A Travellerspoint blog

Happy Chinese New Year!

Xīn Nián Kuài Lè!

Another week in China… what to get up to??
We both agreed we wanted to try and get out of the city and see a little more of China as we may have gone mad staying in the city any longer. Harbin, a town 1200km north of Beijing renowned for its yearly winter Ice Festival, would have been beautiful to see at this time of year (with over a thousand sculptures made from ice, some reaching up to 40ft tall). Unfortunately however, being Chinese New Year train tickets were impossible to come across and flights were selling out, becoming more and more expensive by the second. One of the staff at our hostel told us about a small town only 80km out of Beijing named Longqing Gorge, which hosts its own Ice Festival of a smaller scale (sculptures reaching a maximum height of maybe 20ft), and even has a ski resort only 3km away!
Accessible by public bus we decided we’d go there!

Many failed attempts to find and book accommodation online saw us resorting to asking our hostel staff to phone the ski resort hotel (the only hotel we were able to find), and book us a couple night’s stay. In hindsight we probably should have seen the difficulty of booking a room online as a sign, but we were yet to know better…

After a confusing bus and taxi ride we finally arrived outside the ski resort. Bombarded instantly by locals trying to sell us, (in Mandarin), tours maybe? taxi services? I’m really not sure… we quickly made our way into the resort to check into our hotel… hmm, where was the hotel? We approached the ticketing office and enquired where we would find the hotel. No English. We managed through body language to express the message of ‘hotel’ to which they confirmed the nearest hotel was “3000m” away and started trying to palm us hotel brochures. Luckily we had a phone number for the supposed resort hotel and after pleading with them to call it they managed to arrange for someone from the hotel to pick us up.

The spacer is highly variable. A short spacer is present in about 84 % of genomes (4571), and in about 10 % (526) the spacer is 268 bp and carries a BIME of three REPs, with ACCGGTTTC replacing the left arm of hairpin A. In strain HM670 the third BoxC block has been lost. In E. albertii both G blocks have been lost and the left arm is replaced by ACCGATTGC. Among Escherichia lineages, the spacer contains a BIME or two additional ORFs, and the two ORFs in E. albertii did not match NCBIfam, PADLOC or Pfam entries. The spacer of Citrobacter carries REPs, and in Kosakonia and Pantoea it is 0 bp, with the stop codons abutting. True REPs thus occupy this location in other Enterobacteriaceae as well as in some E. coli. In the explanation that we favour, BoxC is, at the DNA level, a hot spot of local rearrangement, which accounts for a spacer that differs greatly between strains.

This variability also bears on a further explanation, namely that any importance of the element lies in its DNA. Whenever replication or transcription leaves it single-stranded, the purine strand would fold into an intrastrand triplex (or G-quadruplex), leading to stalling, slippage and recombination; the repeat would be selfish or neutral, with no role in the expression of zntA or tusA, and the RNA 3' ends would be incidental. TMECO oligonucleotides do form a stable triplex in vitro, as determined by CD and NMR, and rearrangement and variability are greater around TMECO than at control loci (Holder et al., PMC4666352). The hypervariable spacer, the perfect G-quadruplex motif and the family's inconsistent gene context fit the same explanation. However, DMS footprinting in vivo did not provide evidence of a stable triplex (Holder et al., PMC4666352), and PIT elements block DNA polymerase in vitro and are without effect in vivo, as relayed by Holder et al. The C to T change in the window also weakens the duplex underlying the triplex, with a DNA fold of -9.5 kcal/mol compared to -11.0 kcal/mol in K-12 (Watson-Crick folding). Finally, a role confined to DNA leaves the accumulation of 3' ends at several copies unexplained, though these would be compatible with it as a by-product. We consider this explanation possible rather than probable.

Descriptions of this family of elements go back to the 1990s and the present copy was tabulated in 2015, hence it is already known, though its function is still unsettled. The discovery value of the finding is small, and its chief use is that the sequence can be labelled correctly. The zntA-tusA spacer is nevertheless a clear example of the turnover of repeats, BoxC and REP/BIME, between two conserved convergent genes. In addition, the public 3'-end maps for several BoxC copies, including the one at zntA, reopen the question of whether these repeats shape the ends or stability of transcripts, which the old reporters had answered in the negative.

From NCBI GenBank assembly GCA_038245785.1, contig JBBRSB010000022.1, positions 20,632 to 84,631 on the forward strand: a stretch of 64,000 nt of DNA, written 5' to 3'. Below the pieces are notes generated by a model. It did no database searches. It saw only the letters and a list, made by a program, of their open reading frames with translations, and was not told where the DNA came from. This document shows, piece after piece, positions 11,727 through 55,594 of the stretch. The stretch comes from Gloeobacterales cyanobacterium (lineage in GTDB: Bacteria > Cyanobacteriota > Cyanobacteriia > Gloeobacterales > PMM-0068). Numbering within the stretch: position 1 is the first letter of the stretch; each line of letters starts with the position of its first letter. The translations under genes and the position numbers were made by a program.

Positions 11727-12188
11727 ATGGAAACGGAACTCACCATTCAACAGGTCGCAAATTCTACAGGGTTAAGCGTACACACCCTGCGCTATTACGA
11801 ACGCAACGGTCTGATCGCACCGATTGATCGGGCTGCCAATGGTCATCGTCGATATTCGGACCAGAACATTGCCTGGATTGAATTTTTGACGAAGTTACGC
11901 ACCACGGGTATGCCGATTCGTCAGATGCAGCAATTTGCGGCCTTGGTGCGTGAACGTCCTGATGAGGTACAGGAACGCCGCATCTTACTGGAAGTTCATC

Our chauffer arrived, we loaded our packs into the car and drove a whole 300METRES (yes that’s right) around the corner and we were there?! How on earth did the resort staff not know there was a hotel literally metres away? Anyway, having arrived safely we entered the hotel lobby, got out our passports and checked… attempted to check in (none of the hotel staff spoke a word of English either). After finally being shown to our room, the two of us just stood there looking at each other dumbfoundedly. How did we manage to get ourselves in this situation? After our time already spent in China should we not have known better? Of course no one in a small un-heard of town was going to speak English! Why haven’t we purchased a Chinese phrasebook already? Shouldn’t the hostel staff have thought to mention any of this before we left? What do we do now?

We contemplated getting straight on a bus back to Beijing however it was going to be dark before too long and we had no accommodation booked once we got there and decided we just couldn’t be bothered with the hassle. We’d stick this place out for one night.

The place was a little eerie. The hotel was quite a large building and had ample staff meandering around yet it seemed to be completely empty apart from the two of us. I felt like maybe I’d stepped into North Korea or something… not a single guest to be found anywhere! Joel kept saying things like ‘this is the kind of place you’d wake up in a bath of ice with no kidney’ – um yeah thanks Joel. With no phone, no internet and no way of contacting the outside world it suddenly dawned on us just how far from home we really were.